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No delay as Irish Water fix leak at HQ in one day


Emergency water works outside the Irish Water HQ in Dublins Talbot Street

Emergency water works outside the Irish Water HQ in Dublins Talbot Street


IT'S been at the centre of controversy for the time it takes to fix water leaks, but one leak brought to the attention of Irish Water has been fixed promptly – outside its headquarters.

There was heavy machinery outside the utility company’s office at Colvill House, off Dublin’s Talbot Street, yesterday.

The road was blocked for a number of hours after a leak was discovered in the water pipes that service the building.

In recent months, the Herald has revealed numerous incidents of homeowners frustrated at the length of time that it has taken for Irish Water to fix leaks on, or near, their properties.


But the utility wasted no time in getting to work when it discovered that a pipe had been burst near the building.

A leak was reported to Irish Water on Sunday night and work started to fix it the very next day.

“The leak was fixed today without interruption to the water supply in the area,” a statement from the company said last night.

In October this year, Howth Road resident Paul Kealy told the Herald that he calculated that up to 250,000 litres of water were lost in a leak and that even after 12 weeks Irish Water had not fixed it.

Similarly, in November, Brian McKenna and his wife Suzanne revealed how their water meter clocked the use of more than 404,000 litres in five months.

They said that they struggled to get Irish Water to fix the problem. Ms McKenna estimated that they made more than 40 calls to Irish Water, and described the experience as “frustrating”.

Meanwhile, it has emerged that a massive 81pc of the public support holding a referendum to ensure Irish Water isn’t privatised.

The figures were revealed in a survey by Coyne Research.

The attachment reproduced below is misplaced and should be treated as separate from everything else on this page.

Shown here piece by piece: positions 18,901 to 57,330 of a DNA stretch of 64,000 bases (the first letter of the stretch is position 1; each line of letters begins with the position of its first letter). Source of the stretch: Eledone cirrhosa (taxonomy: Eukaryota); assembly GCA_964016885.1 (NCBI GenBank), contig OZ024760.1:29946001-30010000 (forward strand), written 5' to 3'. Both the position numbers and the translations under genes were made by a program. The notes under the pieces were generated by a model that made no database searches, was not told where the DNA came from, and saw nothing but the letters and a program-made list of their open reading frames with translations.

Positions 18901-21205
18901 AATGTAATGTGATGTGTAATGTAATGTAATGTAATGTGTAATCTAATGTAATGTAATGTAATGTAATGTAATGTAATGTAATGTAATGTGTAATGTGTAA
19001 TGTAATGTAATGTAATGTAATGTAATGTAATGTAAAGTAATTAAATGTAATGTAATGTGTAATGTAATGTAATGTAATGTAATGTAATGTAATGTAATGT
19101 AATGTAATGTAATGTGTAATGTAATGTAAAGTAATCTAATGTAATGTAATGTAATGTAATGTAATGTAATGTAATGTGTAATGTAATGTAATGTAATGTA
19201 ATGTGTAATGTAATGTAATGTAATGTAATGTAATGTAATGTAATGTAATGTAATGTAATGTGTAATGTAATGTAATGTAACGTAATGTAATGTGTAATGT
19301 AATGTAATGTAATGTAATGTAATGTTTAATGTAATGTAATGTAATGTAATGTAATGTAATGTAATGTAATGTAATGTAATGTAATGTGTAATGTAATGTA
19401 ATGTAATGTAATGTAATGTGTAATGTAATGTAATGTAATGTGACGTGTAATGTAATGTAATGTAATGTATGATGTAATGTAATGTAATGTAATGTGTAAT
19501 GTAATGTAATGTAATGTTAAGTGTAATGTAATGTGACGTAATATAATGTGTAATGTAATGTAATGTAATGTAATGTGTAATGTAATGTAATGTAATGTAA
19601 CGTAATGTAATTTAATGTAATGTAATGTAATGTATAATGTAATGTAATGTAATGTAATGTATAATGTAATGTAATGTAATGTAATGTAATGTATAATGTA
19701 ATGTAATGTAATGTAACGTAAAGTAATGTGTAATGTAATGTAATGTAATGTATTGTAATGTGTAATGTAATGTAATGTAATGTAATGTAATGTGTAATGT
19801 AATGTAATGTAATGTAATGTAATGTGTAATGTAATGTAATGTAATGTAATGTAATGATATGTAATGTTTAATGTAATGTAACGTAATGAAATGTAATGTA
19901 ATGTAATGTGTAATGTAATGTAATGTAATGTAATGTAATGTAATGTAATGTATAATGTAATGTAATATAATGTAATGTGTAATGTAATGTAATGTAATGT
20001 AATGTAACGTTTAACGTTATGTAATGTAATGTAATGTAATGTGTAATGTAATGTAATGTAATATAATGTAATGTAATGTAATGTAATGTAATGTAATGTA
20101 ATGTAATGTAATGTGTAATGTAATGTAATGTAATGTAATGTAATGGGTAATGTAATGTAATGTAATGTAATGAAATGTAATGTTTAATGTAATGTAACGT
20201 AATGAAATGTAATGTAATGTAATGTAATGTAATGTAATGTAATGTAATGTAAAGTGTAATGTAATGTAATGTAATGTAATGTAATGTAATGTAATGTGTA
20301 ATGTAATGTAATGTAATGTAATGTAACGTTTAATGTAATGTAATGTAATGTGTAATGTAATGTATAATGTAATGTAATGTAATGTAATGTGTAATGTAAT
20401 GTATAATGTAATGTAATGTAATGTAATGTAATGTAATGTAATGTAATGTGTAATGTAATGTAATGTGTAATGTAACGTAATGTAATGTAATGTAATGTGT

A total of 1,000 people aged 16 and over were asked for their opinion on the semi-state utility.

While the vast majority wanted a referendum to keep it in public ownership, the biggest support for such a move was among middle -aged voters, between 35 and 54.

So far, the Government has refused to consider such a move, while also insisting Irish Water would not be privatised. 

Environment Minister Alan Kelly has said that no party or independent member of the Dail supports selling it off.

According to the poll, 74pc of people said they would vote to keep Irish Water in public ownership, with just 4pc supporting the company’s privatisation.

When it came to willingness to pay water charges at all, 39pc said they were not willing to pay a single cent for their water.


Almost a quarter, 24pc, said they would pay up to €51 for each adult a year, while 20pc said they would pay between €51 and €100 per adult per year for drinking water and waste water. The remaining 17pc said that they would be willing to pay over €100 per adult in charges.

Of this group, 9pc said they would be willing to pay up to €150 a year, a further 4pc said they would pay up to €200, and 4pc saying they would pay in excess of €200 per adult per year.

The average amount people were willing to pay was €83.

Nearly one-in-four of those surveyed claimed to have attended a public protest over the issue of water charges in the past year.